Fremantle Stuff > Buildings > Davies Building

Davies Building

87-91 (85-89?) High St, 1905

princess chambers

The photo shows on the right what the whole building looked like from 1905, and the left what replaced the eastern half in about 1970, when it was built for the TAB. Capture from Google Maps Streetview, 24 July 2016.

David Hutchison gives this convenient summary:

Davies Building. Nos 85-89. Erected in 1905 for G.A. Davies, a town councillor and mayor (in 1895), this property was divided in two, as part of his estate, in 1950. The eastern half, bought by the Totalisator Agency Board, was demolished in the early 1970s and replaced by the present TAB Building, which was set back to allow for the proposed widening of High Street. The western half of the original buiding remains in use for commerce and residential purposes.

All of High Street was intended at that time to have this setback, but this is the only building (or part thereof) that was demolished to bring it about, so it's a convenient demonstration of how much would have been lost to the West End streetscape if it had gone ahead.

Ron & Dianne Davidson write:

... the built environment was on the verge of destruction. In the late 1960s and 1970s most of Fremantle's councillors were determined to bulldoze the city beyond recognition in the name of progress. The city's bustling commercial axis, High Street, was to become a four-lane thoroughfare. The extravagant gold rush facades along both sides of the street would just have to go. Number 89-91 had gone already. Henry Street would link into a coastal [pp. 15-16] highway. Almost all the buildings along its east side had been purchased by Main Roads, the Metropolitan Regional Planning Authority and the Fremantle City Council and would be obliterated even though they represented, arguably, the West End's finest stretch of buildings. On the other side of Henry Street the Orient Hotel was marked for demolition to be replaced by a glass and aluminium showroom for second-hand boats. Fighting for Fremantle: 15-16.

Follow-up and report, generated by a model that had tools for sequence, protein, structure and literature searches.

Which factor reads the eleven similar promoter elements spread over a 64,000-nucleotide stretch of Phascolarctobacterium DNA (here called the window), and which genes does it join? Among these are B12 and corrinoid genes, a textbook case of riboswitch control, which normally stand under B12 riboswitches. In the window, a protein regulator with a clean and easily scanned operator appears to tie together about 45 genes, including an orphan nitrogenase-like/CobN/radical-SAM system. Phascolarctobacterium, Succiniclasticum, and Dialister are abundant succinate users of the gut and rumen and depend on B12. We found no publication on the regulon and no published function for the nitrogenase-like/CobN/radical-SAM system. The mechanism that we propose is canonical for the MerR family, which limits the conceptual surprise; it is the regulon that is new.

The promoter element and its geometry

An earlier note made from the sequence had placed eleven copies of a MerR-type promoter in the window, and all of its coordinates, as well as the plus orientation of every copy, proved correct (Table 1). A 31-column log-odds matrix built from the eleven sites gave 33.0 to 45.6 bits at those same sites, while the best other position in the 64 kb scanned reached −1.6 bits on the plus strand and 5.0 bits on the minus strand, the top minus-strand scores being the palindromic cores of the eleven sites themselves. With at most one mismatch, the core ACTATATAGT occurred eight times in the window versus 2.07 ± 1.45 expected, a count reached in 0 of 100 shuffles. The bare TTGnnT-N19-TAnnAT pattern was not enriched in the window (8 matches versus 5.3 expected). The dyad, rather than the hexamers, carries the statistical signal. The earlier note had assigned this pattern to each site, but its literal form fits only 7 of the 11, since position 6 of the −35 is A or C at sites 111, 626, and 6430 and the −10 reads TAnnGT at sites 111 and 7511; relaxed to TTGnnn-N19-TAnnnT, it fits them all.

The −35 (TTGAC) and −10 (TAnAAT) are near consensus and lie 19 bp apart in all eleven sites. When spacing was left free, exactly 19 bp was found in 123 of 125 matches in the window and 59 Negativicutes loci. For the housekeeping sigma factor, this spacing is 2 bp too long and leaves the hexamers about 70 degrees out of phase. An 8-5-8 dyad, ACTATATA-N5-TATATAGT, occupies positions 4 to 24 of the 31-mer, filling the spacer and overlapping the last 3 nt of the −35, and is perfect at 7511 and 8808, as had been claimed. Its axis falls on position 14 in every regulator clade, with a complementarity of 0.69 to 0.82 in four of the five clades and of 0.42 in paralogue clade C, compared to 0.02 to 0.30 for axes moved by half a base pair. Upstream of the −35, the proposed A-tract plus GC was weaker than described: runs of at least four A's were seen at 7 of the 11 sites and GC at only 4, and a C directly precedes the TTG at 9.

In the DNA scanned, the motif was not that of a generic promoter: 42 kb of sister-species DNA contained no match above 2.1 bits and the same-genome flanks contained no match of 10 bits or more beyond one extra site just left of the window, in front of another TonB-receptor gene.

I'm not sure at the moment about the street numbers. The Record Finder says that its address is 87 High St, and DFK Port Accounting (in the former TAB building) say that they're in 91 High St.

I'm also a bit worried about the 'Record Finder' building, as it looks as if the pediment which is in the right half of the existing building should be at the centre of a building that was one third wider. I don't suppose I'll ever find a heritage architect who could explain this. ... Update: I spoke to an architect this afternoon. He thinks it's quite possible that the missing half of the building could have had a pediment on its lefthand size the opposite of the one on the extant side.

In 2019 the TAB has moved out of no. 91 and various businesses tenant it. No. 87 High St did house The Record Finder, but that has moved west along High Street. Breaks, a coffee shop remains on the ground floor.

References and Links

Hutchison, David 2006, Fremantle Walks, Fremantle Arts Centre Press: 149.

Garry Gillard | New: 24 July, 2016 | Now: 19 March, 2019